If you want to actually create a group and channel, follow the directions in the manual (or look up Mark's Easy To Read manual).
An alternative would be to download the FreeScan and enter the group and channel that way (providing you have the cable).

The real point I was making in my original post was that you could just enter the frequency and the scanner would know if the comms were analog or P25. You don't necessarily need the NAC to listen to P25.
 

N9JIG

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Sorry, I meant group and channel
Yes, to put it in the radio normally it would be added to a Conventional Group as a Channel.

You could create a P25 Single Channel Trunked system and add this frequency to a Site, set the system to ID Search. This would allow you to see the radio ID's and if they use Talkgroups. It is a little more complicated but it can be helpful. Like Randy said, look at Marks Scanenrs page for details on how to do it either way.

 

JefK

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Is there a benefit of defining the NAC for the site? I have STARCOM21 programmed here in IL, and I see each time it defaults to searching for NAC. I only see the different of NAC values when I switch sites. I assume if I set a NAC that would only allow non-encrypted TGIDs to come across? In other words setting the NAC will block encrypted ones since I can't decode them anyways?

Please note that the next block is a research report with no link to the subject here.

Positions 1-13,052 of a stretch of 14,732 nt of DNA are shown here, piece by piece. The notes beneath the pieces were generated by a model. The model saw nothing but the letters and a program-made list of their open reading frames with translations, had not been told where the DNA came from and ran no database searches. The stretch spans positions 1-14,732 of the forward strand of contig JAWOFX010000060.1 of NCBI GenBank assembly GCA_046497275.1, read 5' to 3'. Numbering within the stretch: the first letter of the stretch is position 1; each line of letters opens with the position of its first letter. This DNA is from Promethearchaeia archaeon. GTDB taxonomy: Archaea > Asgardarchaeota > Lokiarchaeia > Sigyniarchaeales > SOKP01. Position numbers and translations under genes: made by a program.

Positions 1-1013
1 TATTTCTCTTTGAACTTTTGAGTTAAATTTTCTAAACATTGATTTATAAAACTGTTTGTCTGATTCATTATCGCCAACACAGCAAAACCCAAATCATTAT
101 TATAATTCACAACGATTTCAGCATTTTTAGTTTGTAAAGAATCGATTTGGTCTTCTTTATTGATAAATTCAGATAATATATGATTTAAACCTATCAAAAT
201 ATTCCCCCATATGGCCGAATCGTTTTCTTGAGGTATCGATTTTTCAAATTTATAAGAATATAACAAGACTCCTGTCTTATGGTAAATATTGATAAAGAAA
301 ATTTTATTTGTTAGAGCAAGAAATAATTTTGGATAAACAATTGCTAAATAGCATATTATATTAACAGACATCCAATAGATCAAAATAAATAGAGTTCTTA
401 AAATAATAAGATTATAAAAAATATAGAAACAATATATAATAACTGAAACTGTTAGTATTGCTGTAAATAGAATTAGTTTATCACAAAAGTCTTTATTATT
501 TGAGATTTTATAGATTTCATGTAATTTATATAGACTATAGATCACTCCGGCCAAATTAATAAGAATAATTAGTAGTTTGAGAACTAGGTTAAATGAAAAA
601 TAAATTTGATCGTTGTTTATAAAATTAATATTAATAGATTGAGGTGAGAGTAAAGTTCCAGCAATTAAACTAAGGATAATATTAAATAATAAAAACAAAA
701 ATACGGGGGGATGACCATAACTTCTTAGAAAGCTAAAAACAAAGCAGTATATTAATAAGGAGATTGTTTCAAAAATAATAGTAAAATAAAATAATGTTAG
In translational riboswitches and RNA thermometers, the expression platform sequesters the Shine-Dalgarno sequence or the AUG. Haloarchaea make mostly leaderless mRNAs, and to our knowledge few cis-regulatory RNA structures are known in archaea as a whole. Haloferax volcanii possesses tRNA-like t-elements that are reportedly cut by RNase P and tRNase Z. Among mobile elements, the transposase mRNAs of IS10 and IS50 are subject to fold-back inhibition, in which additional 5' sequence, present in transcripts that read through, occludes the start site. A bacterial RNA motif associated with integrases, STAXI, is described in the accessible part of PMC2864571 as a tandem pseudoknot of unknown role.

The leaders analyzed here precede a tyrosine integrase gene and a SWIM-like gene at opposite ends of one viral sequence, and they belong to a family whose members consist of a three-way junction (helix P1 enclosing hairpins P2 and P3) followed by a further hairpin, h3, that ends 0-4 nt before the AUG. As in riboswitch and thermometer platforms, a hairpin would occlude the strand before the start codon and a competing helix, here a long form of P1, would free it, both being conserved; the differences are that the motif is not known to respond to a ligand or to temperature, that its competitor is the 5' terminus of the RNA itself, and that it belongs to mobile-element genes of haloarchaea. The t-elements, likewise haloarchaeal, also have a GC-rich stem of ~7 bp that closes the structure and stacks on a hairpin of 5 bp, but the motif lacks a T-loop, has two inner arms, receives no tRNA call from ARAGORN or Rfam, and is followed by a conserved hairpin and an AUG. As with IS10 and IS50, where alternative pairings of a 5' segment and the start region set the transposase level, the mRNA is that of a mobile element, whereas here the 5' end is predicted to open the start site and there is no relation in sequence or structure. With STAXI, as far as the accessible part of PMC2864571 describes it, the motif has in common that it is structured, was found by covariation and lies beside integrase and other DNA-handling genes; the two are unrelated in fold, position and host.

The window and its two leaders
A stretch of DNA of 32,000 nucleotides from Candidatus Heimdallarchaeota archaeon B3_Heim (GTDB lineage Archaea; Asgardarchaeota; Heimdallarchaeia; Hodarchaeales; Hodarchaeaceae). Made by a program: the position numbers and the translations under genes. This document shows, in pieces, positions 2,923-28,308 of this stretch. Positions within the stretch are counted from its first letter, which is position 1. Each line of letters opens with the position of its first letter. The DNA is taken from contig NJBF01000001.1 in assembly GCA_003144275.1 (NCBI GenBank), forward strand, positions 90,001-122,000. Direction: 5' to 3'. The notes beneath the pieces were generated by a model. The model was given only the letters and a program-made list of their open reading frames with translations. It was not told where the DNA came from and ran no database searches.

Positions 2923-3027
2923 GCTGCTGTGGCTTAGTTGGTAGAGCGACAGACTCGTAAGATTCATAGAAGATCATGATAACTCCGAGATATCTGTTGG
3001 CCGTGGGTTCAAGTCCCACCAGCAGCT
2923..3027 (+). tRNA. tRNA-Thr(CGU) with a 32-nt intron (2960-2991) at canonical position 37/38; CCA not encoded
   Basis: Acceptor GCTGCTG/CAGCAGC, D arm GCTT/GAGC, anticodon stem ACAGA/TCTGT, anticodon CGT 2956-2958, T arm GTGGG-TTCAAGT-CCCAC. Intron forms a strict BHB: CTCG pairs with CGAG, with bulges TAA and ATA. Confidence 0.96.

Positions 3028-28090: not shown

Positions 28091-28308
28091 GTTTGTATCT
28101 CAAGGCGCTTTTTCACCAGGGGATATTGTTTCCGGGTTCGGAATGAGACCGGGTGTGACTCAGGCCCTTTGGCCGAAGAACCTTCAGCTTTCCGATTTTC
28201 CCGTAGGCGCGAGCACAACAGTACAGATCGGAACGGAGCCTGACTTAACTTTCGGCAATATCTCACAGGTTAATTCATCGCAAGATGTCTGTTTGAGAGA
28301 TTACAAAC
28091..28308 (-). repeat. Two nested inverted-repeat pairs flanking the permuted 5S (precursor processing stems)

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Is there a benefit of defining the NAC for the site? I have STARCOM21 programmed here in IL, and I see each time it defaults to searching for NAC.
The only benefit of programming NAC is to exclude certain units of one NAC and include units of another NAC you want to hear.

That's IF NAC is used on the system.
 

hiegtx

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Is there a benefit of defining the NAC for the site? I have STARCOM21 programmed here in IL, and I see each time it defaults to searching for NAC. I only see the different of NAC values when I switch sites. I assume if I set a NAC that would only allow non-encrypted TGIDs to come across? In other words setting the NAC will block encrypted ones since I can't decode them anyways?
On Uniden's SDS series scanner, setting a NAC for the site inhibits reception of another trunked site using one or more of the same frequencies. Depending on your location, you might be 'in between' two sites, or either the same system or different ones, that use the duplicates. While this is no longer the case, as both systems have changed and no frequencies are currently shared, several years back I would sometimes hear TGIDs from one system, but on the other system. I'm roughly equal distance from the two sites used at that time.

It has nothing to do regarding encrypted TGIDs. Unless those IDs are avoided (locked out), the scanner would still briefly stop on them, then once it has recognized the signal is encrypted, it will move on.